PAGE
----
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COVID-19 RULES

LATEST: Italy scraps all Covid entry rules for travellers

Italy will lift the requirement for arrivals to show proof of testing, recovery or vaccination from Wednesday, the health ministry has confirmed.

LATEST: Italy scraps all Covid entry rules for travellers
Travel to Italy will now be restriction-free for the first time since March 2020. Photo by Tiziana FABI / AFP

Italy’s health ministry said on Monday night that the current requirement to show proof of coronavirus vaccination, recent recovery or a negative test result in order to enter Italy “will not be extended” when it expires on May 31st.

This is the last remaining Covid-related rule in place for travellers to Italy, after the requirement for arrivals to complete an EU digital passenger locator form (dPLF) was lifted on May 1st.

READ ALSO: Will Italy scrap the last Covid restrictions on June 15th?

The health minister is also expected to make a decision soon on whether Italy’s public transport mask mandate will be lifted on June 15th – as planned in the latest government decree – or extended beyond this date.

Under these rules, airports and airlines may choose to continue requiring passengers flying to or from Italy to wear masks until that date, despite the EU-wide mask mandate on flights being lifted in mid-May.

 
Find more information about Italy’s Covid-19 health restrictions on the Italian health ministry’s website (available in English).

Member comments

  1. Mind you, in late April the immigration official in Rome waved us past when we tried to show our certificates!

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TRAVEL NEWS

Italy’s summer tourism boom driven by American arrivals

Tourist spending in Italy is set to return to pre-pandemic levels this summer, boosted largely by visitors from the US, says a new industry report.

Italy's summer tourism boom driven by American arrivals

Italy’s tourism earnings are predicted to total €17 billion this summer, restoring the industry to a state of health not seen since the start of the pandemic, according to a study released by the retailers’ association Comfcommercio on Monday.

Americans are the lead drivers of the recovery, the report shows, with 2.2 million US visitors expected to bring in €2.1 billion between July and September – 20 percent more than over the same period in 2019.

READ ALSO: MAP: Which parts of Italy will get the most tourism this summer?

Canadians, Australians and South Africans are also anticipated to make up a significant proportion of this year’s visitors.

The high value of the dollar against the euro is thought to be partly responsible for this year’s boom in US arrivals.

The euro slipped to parity with the dollar for the first time in nearly 20 years this month, as a cut in Russian gas supplies to Europe heightened fears of a recession in the eurozone.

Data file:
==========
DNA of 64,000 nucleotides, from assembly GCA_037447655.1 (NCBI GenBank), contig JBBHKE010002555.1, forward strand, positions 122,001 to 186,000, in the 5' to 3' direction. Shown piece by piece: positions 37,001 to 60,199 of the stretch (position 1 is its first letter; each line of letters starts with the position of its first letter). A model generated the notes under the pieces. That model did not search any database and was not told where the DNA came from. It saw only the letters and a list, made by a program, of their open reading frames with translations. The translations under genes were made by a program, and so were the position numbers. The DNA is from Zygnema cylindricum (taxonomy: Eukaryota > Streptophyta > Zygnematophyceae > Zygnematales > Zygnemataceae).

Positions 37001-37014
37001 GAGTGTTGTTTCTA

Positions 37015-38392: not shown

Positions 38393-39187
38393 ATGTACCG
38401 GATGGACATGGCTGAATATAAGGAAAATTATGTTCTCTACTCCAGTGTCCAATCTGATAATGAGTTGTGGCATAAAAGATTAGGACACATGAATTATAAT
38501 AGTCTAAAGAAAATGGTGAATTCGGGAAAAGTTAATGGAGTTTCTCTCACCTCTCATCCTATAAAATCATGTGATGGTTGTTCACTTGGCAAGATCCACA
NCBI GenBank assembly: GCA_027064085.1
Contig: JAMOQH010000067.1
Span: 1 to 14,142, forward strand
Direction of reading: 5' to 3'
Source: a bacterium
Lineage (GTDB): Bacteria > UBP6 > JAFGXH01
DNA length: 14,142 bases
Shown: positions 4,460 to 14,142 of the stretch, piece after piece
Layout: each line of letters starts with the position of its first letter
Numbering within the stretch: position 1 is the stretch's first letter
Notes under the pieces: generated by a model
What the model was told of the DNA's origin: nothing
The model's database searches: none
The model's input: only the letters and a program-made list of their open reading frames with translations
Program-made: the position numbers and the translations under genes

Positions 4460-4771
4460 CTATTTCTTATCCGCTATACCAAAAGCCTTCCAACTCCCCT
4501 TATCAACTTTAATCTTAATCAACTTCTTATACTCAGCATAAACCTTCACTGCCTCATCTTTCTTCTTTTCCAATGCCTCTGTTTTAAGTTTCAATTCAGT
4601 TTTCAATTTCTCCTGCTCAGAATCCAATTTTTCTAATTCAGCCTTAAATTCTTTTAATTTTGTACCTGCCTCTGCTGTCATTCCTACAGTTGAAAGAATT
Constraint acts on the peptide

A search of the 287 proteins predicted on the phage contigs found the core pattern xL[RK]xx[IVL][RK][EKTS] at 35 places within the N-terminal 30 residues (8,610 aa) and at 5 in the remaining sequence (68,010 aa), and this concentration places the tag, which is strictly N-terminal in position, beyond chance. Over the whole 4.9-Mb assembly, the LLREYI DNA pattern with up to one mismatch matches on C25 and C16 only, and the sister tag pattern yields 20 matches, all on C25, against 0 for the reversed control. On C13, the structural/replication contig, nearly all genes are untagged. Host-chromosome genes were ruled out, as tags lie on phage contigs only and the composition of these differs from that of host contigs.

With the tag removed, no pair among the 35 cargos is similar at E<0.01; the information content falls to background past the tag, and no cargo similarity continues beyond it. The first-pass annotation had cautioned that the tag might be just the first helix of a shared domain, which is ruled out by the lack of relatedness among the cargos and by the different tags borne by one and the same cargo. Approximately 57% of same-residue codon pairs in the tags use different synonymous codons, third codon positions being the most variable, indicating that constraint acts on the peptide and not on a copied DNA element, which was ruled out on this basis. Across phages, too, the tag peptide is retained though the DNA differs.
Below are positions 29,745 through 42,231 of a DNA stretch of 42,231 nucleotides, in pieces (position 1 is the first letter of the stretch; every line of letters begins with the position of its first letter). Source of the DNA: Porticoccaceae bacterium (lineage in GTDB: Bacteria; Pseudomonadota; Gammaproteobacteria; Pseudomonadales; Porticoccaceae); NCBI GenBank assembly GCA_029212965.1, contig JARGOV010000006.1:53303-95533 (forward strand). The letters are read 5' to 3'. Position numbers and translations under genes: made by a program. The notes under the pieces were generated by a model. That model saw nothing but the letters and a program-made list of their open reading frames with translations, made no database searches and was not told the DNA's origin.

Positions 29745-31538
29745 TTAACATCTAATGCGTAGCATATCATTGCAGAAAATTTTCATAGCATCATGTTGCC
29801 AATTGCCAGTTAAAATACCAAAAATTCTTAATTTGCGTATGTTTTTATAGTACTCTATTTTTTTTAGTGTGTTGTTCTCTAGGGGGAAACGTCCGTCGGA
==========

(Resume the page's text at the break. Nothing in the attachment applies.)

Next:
It has since recovered a little, to around $1.02 per euro, but remains a huge bargain for visitors, giving tourists from dollar countries a spending power boost of well over 10 percent from six months ago.

The number of Spanish arrivals is also expected to return pre-pandemic levels this summer, with an estimated one million visitors due to arrive between July and September.

Domestic tourism is also up, with 35 million Italians travelling on holiday in their own country despite an ongoing cost of living crisis caused by soaring inflation and exacerbated by the war in Ukraine, according to a separate study by the agricultural association Coldiretti.

READ ALSO: Ferragosto: Why the long August holidays are untouchable for Italians

By contrast, the number of tourists coming to Italy from Asian countries is down; while EU sanctions introduced in the wake of Russia’s invasion of Ukraine have seen Russian tourism drop to near zero.

Germany, a key source of tourism particularly in the Italian south, was down 27 percent in July compared to 2019 – a drop thought to be caused by air travel disruption.

In a typical year, the majority of Italy’s tourists (14.1 percent) come from Germany, figures from Italy’s National Statistics Agency Istat show. Around three percent come from the US, and another three percent from the UK.

“The return of foreign tourism after three years helps to consolidate our economic recovery. The outlook, however, is uncertain due to the decrease in consumption, the unrest in air transport and the unknown pandemic,” said Confcommercio president Carlo Sangalli in a televised statement.

“Support for the tourism sector must therefore be among the priorities of the next executive in terms of combating expensive energy and reducing the tax burden,” he added.

Italy will vote for a new government in late September after its ‘unity’ coalition government collapsed in July, triggering snap elections.

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